I have a few minutes now before the sun goes down a bit more making it bearable for me to go out and water the "acreage" (or as my Mom likes to call it, "the estate").   Also, a few more minutes until my niece comes by to "study" by which she means to really study, but only after I tend to her gastronomic needs and we chatter with one another about, oh everything, and solve the world’s problems one agonizing choice at a time.

Meanwhile…  Jason over at Higher Plane has an interesting post about "parish shopping."  Having recently "shopped" for a parish, I have some thoughts on the matter.  As the US Bishops noted in Sons and Daughters of the Light, the pastoral plan for ministry with those in the late teens, twenties and thirties (young adults):

"Liturgy is … a primary meeting point
with the Church. The quality of church life is often reflected in the
prayerfulness and quality of its liturgy, which can be a connecting
point between faith and life. One challenge to that connection is the
need for the community to respect the diverse language traditions,
spirituality, and piety of its many ethnic groups. Consistently, young
adults speak of the life-giving power of good and prayerful liturgy and
the pain and emptiness associated with poor liturgical experiences.
They tell us that key ingredients to good liturgy are a welcoming
community, celebrating in one’s language, good music, and engaging
homilies.

Liturgy is the source and summit of our faith.  Liturgical mystery celebrated poorly, while still liturgical and still mystery, can be construed as an insult to the community.  I have had the opportunity to celebrate mass in a wide variety of styles and with diverse ecclesial and spiritual communities.  I’ve been to masses presided and preached by some of the most insulting persons I’ve had the pleasure to meet.  I’ve been to some of the most amazingly, glorious, well planned, prayed, sung and preached masses.  Have to say, the latter fed my personal (and the communal) spirit and soul.  And I would choose them over the former almost any day.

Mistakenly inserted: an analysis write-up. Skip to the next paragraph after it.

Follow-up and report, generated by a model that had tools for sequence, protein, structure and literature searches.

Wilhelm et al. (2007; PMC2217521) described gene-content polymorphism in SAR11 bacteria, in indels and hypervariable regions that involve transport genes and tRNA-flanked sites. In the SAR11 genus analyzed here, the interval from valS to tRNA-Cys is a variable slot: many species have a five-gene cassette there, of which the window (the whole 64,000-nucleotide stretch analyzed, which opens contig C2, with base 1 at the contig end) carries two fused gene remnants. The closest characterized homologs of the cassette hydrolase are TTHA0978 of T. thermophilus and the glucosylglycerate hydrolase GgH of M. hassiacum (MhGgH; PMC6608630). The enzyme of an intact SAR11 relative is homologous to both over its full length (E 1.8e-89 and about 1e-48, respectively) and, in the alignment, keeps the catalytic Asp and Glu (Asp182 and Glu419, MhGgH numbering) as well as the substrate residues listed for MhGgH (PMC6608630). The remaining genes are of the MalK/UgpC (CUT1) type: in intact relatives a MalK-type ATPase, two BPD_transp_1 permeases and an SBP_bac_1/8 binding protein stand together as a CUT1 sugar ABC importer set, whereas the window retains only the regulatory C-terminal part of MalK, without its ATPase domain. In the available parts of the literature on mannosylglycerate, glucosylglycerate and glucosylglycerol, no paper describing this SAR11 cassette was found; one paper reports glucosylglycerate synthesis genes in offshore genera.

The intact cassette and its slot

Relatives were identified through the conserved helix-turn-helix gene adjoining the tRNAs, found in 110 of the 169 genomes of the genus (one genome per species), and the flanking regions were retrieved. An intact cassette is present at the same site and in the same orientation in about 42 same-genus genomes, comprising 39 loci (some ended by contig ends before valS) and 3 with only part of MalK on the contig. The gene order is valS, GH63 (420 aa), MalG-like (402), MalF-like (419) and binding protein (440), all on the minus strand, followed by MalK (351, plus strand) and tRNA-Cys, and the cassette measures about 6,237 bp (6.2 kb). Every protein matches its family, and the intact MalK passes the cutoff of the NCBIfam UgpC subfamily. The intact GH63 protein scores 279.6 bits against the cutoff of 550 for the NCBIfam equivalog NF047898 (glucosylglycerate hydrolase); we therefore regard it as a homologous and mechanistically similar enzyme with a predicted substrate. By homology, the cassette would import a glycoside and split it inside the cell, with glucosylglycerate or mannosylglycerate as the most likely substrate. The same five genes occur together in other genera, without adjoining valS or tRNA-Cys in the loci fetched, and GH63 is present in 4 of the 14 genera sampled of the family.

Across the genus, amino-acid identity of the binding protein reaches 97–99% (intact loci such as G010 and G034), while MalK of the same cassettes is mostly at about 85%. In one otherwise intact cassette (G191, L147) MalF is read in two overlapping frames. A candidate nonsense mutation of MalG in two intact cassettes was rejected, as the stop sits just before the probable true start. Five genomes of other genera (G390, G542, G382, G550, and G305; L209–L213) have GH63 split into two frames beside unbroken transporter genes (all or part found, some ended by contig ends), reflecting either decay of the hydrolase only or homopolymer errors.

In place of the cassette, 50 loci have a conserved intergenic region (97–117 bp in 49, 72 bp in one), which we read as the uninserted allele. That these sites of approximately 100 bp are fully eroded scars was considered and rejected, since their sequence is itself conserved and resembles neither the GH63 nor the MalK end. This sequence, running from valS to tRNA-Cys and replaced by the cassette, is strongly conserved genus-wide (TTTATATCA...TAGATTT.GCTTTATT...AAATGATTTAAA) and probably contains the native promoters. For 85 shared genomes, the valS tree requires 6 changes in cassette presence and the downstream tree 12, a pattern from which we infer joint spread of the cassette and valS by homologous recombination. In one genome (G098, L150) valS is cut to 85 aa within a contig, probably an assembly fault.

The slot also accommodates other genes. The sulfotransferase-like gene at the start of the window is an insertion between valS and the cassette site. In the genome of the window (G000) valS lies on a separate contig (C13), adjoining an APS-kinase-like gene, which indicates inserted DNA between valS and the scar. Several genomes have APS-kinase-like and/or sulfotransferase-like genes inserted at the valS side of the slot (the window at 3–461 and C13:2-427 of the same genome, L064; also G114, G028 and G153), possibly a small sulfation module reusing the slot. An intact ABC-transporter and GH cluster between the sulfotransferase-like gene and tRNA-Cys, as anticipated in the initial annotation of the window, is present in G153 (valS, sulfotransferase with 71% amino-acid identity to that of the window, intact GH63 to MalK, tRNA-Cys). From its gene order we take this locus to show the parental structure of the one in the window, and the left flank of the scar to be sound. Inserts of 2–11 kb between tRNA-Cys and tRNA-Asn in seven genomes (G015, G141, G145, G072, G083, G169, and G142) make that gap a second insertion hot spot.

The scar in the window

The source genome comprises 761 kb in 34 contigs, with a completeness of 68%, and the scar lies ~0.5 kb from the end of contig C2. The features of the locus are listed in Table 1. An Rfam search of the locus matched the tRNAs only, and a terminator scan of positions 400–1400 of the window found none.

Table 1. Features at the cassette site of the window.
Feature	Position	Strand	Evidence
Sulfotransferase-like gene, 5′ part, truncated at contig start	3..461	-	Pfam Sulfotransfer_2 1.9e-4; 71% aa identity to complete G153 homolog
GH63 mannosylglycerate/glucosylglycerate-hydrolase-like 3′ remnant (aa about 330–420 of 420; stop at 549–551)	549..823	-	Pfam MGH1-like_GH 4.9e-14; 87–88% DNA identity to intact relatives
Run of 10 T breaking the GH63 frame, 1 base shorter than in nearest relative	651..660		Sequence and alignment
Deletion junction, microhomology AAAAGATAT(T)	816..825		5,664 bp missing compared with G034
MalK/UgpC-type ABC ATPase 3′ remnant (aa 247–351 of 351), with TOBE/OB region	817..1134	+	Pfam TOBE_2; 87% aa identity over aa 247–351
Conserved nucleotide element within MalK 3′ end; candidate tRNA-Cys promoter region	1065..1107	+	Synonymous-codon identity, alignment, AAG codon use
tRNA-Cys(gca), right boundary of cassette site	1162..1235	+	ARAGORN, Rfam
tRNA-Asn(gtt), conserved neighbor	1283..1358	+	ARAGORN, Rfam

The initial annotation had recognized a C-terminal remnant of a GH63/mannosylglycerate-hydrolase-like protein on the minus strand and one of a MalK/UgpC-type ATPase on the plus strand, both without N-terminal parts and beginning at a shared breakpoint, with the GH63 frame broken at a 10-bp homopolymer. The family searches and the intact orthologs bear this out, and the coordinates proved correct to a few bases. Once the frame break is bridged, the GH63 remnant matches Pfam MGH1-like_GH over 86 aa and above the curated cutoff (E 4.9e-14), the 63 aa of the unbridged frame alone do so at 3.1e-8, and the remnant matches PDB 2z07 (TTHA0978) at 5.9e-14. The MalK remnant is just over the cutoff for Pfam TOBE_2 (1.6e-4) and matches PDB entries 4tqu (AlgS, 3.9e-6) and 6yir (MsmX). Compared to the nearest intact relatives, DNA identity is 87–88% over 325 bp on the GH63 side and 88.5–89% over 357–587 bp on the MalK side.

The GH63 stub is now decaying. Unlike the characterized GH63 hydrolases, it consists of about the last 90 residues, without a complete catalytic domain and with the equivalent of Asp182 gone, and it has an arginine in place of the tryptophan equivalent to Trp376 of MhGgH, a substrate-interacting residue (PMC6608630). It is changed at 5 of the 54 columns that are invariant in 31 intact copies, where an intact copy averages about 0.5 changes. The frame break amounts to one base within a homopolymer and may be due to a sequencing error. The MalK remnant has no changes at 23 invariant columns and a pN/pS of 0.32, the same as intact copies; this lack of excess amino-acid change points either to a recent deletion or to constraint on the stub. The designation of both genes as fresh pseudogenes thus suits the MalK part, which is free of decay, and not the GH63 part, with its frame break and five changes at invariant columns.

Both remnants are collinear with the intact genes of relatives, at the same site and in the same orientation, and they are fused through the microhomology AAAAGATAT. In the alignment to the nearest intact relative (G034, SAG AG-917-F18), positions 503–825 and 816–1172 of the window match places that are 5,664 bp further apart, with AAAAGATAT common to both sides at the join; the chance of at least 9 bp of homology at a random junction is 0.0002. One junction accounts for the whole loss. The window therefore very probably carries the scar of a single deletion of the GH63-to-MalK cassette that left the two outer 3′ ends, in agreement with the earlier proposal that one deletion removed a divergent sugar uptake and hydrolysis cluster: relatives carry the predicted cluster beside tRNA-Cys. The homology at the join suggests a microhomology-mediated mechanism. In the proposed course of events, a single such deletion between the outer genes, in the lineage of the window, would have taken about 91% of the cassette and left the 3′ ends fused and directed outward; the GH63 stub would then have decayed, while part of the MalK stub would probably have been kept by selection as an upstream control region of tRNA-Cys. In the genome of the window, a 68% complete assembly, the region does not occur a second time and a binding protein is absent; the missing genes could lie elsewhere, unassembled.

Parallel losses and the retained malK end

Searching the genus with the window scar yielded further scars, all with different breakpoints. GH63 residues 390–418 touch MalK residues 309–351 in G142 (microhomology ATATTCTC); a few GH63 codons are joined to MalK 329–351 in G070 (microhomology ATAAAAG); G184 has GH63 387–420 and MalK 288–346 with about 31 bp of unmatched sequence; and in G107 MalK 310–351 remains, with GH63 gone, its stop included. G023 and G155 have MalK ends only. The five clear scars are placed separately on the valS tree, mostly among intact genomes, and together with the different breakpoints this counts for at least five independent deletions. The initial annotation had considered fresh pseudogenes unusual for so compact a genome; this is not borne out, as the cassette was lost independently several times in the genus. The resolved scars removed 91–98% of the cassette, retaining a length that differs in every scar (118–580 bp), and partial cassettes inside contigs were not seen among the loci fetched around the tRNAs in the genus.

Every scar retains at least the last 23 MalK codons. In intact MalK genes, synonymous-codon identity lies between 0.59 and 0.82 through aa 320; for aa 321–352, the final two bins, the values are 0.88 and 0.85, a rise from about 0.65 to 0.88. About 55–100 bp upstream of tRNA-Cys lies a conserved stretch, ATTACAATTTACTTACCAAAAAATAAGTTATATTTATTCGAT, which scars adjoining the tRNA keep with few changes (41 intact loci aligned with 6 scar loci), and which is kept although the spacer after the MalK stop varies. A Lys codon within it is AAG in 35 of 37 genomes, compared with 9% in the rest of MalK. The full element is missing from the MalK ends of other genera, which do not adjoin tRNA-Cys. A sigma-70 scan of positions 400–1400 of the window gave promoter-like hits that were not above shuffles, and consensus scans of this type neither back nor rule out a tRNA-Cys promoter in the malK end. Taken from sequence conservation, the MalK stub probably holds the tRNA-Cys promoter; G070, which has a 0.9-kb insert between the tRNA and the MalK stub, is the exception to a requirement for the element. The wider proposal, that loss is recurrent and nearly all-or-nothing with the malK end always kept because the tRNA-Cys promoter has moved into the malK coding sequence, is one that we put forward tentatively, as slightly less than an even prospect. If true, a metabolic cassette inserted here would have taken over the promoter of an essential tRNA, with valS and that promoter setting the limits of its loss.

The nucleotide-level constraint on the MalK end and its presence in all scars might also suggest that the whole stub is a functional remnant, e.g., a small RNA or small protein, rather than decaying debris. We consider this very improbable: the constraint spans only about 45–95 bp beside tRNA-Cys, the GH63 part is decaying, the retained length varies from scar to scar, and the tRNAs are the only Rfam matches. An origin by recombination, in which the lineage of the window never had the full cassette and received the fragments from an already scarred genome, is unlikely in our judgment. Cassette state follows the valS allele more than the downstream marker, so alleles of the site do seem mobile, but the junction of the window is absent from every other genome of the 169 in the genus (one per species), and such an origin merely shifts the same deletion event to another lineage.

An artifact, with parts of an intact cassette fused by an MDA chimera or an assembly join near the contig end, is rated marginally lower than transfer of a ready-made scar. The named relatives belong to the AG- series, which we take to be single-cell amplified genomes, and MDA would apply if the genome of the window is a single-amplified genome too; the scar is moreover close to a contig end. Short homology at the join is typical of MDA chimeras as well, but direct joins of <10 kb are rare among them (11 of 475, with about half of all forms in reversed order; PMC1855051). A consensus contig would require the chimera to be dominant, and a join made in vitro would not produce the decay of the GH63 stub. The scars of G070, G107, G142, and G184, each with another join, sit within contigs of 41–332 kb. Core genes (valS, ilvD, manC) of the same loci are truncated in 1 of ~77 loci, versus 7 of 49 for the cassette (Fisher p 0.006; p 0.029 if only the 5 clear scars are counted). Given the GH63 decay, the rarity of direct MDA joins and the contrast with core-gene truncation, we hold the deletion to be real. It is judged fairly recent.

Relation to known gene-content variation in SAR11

I recently moved to a new city and was in need of a new parish community. I do not know into which of the five parishes within a mile of my new home is my bounded parish.  I wouldn’t even know where to go to find it.  It’s not on the diocesan website.  In the many conversations with bishops from around the US I have been blessed to have, not one said to me: "go where the parish boundary is."  Rather, over and over I heard from them, and indeed, in their document on ministry with my generation (though I have traversed across the boundary of that "young adult" definition now), "Go to church where your faith is nourished."  And so I do.   Happened that it was Holy Week when I "shopped" around.  I was lucky to be able to attend liturgies, the highest, holiest, most profound moments of mystery in our faith, at a variety of local parishes.  And they were each wonderful.  At one parish, however, the spirit celebrated in song, in hospitality, in preaching and the sacraments of initiation of new members, touched and resonated within my own spirit.  And I knew I was being welcomed "home" again. 

And so, though I have to get on a freeway and drive oh-my-goodness ten minutes away, I go, now to this parish.  And I’m delighted with the open-ness and diversity of my Catholic Church in whose community this parish is one member.  And I’m delighted that there are other parishes, other types of liturgy, music, piety for my Catholic brothers and sisters who, while sharing the one faith, don’t share the same tastes.

Jason also mentions the supposed parish of St. Blogs.  I’ve had occasion to visit that household as well.  But that’s a story for another day.  My neice is on her way and the roses need watering. 

Blessings on your Ordinary Sunday, wherever you celebrate.

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